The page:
We have a gig on Friday. Did I mention that? We have a gig on Friday.
It was pretty the first time. It was a pretty the first time when eight inches of snow fell in December the week before Christmas. The temperature was mild; the snow, white and fluffy. It was pretty that first time, but now, two months later after weeks of alternating sub-zero and rain, it’s not pretty any more. One weatherman and newscaster described it like this:
Weatherman: It sure has been a long winter.
Anchorman: Yeah, and I’m starting to get whiney.
I bid farewell to whiney last week. I departed from whiney, made a left at irritated and annoyed, and took the next exit straight to SEASONAL AFFECTIVE DISORDER: Population: 10 million. This is the part of winter when we start to remember summer as if it’s a deceased relative: someone long gone, you think fondly of. Remember when Summer days would end at 8:30 at night? Remember how Summer would be really warm and you could plan to spend your whole day outside? Remember how we would eat at outside at that cute little restaurant and have bruschetta and wine? Summer is a memory — a vague, distant, longed-for memory.
I tried to walk to a cafe this afternoon just to get out of the house. Big mistake. It’s rained for two days, and the snow lay atop deep trenches of icy water. I would put my foot on what I thought was solid snow only to have it drop another eight inches into cold water. It was a drag. My backpack felt heavy and cold. I was unhappy and annoyed, but I walked on until I found a cafe. A local favorite, I assumed it would be empty because of the weather. But alas, wireless is free there, and there was not an empty chair in sight. I walked more blocks to the next one and on my walk in slush and snow and ice I counted my breaths. Seemed like the sensible thing to do at the time. And we had learned it yesterday.
Walking meditation is like sitting meditation except, well, you’re walking. Each exhale is a step and each step is counted. So: exhale, place a foot, ONE. Inhale, lift foot, place foot, exhale, TWO. Needless to say, no one’s power walking like this. And the hands are held at the solar plexus, the right hand cradled by the left. I walked eight blocks like this. Sometimes counting, sometimes not. And I walked in complete isolation and anonymity. What would have been noticeable walking behavior in the summer is not noticed in the winter as other pedestrians pass by, heads down against the wind. It was like I was alone out there, just walking.
It took twice as long to get to the cafe, and when I arrived, it was empty. Unlike the other cafe, the wireless is free but sometimes difficult to log into, and I couldn’t connect. I stayed anyway. The lack of internet access probably did me more good. No time-sucking e-bay browsing for me. But I didn’t work as much as planned. Instead, I watched the determined snow fall and fall. I watched it blow horizontally against buses and cars. I listened to the frequent hi-pitched whirr of car engines trying to extricate themselves from the snow. I waited. And watched. Somewhere under all this, I thought, summer is still alive. Not deceased. I think one of the features of Midwestern personalities is a quite determination (which isn’t to say other regions aren’t determined, but I didn’t feel this quality in say, Louisiana). We have to wait things out here. Winter ends when it ends. Summer comes when it comes. Learning to adjust to the Midwest winter in all its extremes has been a challenge for me. Life improved when I began to accept winter, but here I am in the middle of this long season, feeling not so grateful, and a little, dare I say, hopeless. When summer does arrive, because of the long winter it will feel like all of Chicago had taken some sort of magic happy pill. The first fifty-degree day, no, even a mid-forty degree day, we will all jump onto our bikes or walk outside as if summer was some magic gift. Can you believe it? We will all say. Fifty degrees! I’ll see joggers in shorts. Women with babies power walking in capris. Outdoor cafes could open. It will be glorious and strange. And this day, today, waiting for the snow to end will be a dim memory. A memory as dim as the one I am having right now about summer.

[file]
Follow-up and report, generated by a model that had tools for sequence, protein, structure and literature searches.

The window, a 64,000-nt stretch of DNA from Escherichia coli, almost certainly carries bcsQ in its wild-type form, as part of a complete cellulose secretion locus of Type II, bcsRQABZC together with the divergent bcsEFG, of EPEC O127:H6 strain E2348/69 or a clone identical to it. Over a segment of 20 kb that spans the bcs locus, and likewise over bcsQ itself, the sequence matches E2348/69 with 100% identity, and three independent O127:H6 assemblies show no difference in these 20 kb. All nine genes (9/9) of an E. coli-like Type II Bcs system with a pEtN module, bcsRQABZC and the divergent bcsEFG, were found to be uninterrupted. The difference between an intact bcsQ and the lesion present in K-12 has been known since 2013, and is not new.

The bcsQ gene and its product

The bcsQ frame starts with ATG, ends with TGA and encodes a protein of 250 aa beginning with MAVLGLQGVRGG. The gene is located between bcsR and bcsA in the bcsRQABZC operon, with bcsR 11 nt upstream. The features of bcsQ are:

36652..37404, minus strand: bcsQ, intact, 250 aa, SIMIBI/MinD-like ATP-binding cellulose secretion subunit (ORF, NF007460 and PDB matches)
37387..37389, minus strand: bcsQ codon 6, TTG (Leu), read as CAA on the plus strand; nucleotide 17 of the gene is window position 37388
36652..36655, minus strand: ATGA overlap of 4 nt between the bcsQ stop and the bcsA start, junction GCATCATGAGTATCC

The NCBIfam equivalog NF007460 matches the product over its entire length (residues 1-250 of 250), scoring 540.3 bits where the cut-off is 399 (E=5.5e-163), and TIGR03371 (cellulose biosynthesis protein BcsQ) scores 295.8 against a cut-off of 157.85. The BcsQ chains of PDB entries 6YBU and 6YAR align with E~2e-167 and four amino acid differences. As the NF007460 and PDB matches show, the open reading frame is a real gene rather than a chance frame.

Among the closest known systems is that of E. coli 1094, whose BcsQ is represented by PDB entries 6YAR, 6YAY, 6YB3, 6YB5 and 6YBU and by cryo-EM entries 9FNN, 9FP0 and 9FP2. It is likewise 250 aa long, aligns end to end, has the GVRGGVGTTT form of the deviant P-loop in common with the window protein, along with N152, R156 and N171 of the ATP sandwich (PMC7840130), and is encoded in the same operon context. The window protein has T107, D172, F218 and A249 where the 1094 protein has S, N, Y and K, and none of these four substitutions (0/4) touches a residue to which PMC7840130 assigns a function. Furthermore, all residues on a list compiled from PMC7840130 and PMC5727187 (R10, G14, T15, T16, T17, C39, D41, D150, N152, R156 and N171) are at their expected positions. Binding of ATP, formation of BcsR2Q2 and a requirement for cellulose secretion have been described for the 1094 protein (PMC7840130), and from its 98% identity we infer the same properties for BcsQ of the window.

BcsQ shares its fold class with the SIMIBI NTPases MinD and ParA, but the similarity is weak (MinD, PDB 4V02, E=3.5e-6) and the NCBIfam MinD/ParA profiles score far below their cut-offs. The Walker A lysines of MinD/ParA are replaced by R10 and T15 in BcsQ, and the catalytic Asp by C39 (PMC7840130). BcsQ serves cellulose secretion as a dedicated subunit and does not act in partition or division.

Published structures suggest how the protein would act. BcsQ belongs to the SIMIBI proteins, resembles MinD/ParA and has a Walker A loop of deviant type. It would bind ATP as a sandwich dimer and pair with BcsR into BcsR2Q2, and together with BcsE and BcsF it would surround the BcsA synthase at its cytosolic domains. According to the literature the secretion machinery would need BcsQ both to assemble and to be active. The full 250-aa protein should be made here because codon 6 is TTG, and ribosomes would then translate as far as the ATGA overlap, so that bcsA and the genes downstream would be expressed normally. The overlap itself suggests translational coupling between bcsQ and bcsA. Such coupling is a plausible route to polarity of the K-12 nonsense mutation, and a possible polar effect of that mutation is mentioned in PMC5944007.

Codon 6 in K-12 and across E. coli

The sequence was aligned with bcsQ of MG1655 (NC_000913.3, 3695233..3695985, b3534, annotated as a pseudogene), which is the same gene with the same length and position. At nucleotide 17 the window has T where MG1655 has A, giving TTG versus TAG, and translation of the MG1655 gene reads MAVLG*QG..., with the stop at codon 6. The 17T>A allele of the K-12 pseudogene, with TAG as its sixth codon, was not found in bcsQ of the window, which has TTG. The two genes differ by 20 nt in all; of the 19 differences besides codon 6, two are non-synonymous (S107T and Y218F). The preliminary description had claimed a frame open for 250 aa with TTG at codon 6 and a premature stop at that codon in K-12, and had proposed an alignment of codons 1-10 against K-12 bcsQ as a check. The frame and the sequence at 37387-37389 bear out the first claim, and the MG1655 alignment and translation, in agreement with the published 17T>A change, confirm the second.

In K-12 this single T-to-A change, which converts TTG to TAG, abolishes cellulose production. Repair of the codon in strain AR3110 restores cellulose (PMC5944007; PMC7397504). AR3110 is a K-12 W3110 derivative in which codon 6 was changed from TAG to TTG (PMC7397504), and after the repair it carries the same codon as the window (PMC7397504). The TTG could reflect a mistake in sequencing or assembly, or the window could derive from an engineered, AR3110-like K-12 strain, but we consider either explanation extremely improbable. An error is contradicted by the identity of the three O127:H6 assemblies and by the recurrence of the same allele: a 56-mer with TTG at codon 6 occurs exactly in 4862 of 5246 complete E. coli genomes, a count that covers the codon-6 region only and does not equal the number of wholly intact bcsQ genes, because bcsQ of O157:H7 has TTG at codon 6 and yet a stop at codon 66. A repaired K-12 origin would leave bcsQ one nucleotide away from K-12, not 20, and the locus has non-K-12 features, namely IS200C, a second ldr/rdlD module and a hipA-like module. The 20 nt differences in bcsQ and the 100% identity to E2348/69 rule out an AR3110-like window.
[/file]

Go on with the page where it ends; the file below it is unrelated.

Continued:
We have had a few months off and now that the snow is nice and deep we think this would be a great time to drag 200 pounds of musical gear through the snow!
Short Punks in Love is back on stage!
When: Friday, February 8, 9:00 PM
Where: Hotti Biscotti,
Tel: (2 blocks west of Kimball/Fullerton)
What: Our first show in two months and our first show EVER with two other Chicago Acoustic Underground Alumni: Sam (episode 52), Bill (episode 22)…SPiL appeared on episode 32.
As always, the only acoustic instrument you will hear with SPiL are the drums, but who’s counting, anyway…?! Expect new songs, a new Telecaster, and at least a photo of our new pet rabbit Jackson, who can’t come along to the gig but will be there in spirit…
Also coming up…SPiL with Tim Wais’s new band Jungle of Cities at The Red Line on March 2nd and a new Chicago Acoustic Underground taping this spring for the new CD…! Demos of the new Short Punks CD are starting to appear on our My Space page, so take a listen to “Pioneer Days” and look for “October Blues” and “Too Tired to Die” coming up soon…